Co-Operate

What’s the most important life lesson you’ve ever learned?

While it might not immediately come to mind, I would suggest that one of the most significant lessons we can ever learn is the power and importance of cooperation. Learning how to work effectively with others to accomplish a task, complete a mission or contribute to a common cause is a mark of mature character.

Cooperation is also very rewarding. It increases our productivity, enlarges our gifts, builds great memories and grows meaningful relationships. Real, heart-level cooperation on a staff or team results in an incredible feeling called “esprit de corps.” It creates synergy. It makes work much more fun. While amazing feats can certainly be accomplished by individual people, it’s not very enjoyable to reach a peak alone. Mountaintop vistas are meant to be shared!

Cooperation is both an attitude and an action. It’s a way of thinking and behaving. Cooperative people decide to truly “join up.” They choose to be an active part of something bigger than themselves. They willingly and enthusiastically contribute their best to group efforts. They freely share and support. They see the team’s “goal” as much more important than their particular “role.” They even change their vocabulary. Words like “me, my and mine” are replaced with “we, us and ours.” Personal arrogance and agendas are laid aside.

Cooperative people give their best to their assignments, but do so in ways that draw out the best in others also. They unify instead of divide. They apologize easily and forgive others quickly. They show proper deference. They demonstrate honor to others. They sincerely and reguarly communicate appreciation for others gifts and contributions to the team. They don’t participate in gossip about group members. They stop the “behind the back”conversations, and refuse to play the games of petty politics. They are morale-builders and momentum producers. While they have opinions, they’re not opinionated in spirit. They’re “big people” in heart; gracious and generous.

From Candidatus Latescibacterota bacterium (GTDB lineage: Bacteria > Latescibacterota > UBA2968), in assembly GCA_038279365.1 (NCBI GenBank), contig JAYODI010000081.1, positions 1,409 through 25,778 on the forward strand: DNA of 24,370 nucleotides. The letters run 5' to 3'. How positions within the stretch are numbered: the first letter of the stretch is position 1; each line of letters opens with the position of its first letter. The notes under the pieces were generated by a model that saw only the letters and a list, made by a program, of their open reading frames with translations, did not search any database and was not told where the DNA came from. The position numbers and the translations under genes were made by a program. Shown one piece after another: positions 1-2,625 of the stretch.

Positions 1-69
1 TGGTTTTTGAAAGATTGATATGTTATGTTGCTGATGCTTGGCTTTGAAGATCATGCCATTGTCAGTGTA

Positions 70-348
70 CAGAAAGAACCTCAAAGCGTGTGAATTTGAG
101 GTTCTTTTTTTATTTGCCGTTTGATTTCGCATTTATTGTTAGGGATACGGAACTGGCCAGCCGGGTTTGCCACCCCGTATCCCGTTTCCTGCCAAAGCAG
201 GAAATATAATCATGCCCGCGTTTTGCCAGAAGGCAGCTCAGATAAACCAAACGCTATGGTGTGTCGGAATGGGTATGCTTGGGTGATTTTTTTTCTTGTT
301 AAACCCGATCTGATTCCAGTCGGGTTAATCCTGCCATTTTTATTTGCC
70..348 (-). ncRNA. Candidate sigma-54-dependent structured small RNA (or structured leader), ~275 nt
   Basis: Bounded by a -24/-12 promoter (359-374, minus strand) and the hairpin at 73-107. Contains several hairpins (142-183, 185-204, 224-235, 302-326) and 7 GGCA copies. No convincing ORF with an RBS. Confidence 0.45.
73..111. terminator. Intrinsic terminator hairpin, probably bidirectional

The Bible encourages us to be this kind of person. When the Apostle Paul wrote his letter to the believers at Philippi, he reminded them of the importance of cooperating with each other in God’s work:

" … Make me truly happy by agreeing wholeheartedly with each other, loving one another, and working together with one mind and purpose. Don’t be selfish; don’t try to impress others. Be humble, thinking of others as better than yourselves. Don’t look out only for your own interests, but take an interest in others, too. — Philippians 2:2-4 (NLT)

One of the main points of Paul’s charge is seen in the simple phrase “working together!” He wanted these believers to develop the character trait and learn the value of cooperation.

How about you? How well do you work with others? Are you cooperative or uncooperative? Are you obstinate and self-impressed, or are you responsive, flexible and humble? Does your presence on a team truly make it better, or does it drag the team down?

Let’s work to become more cooperative people in all of our relationships and responsibilities!

 

Dale O'Shields

 

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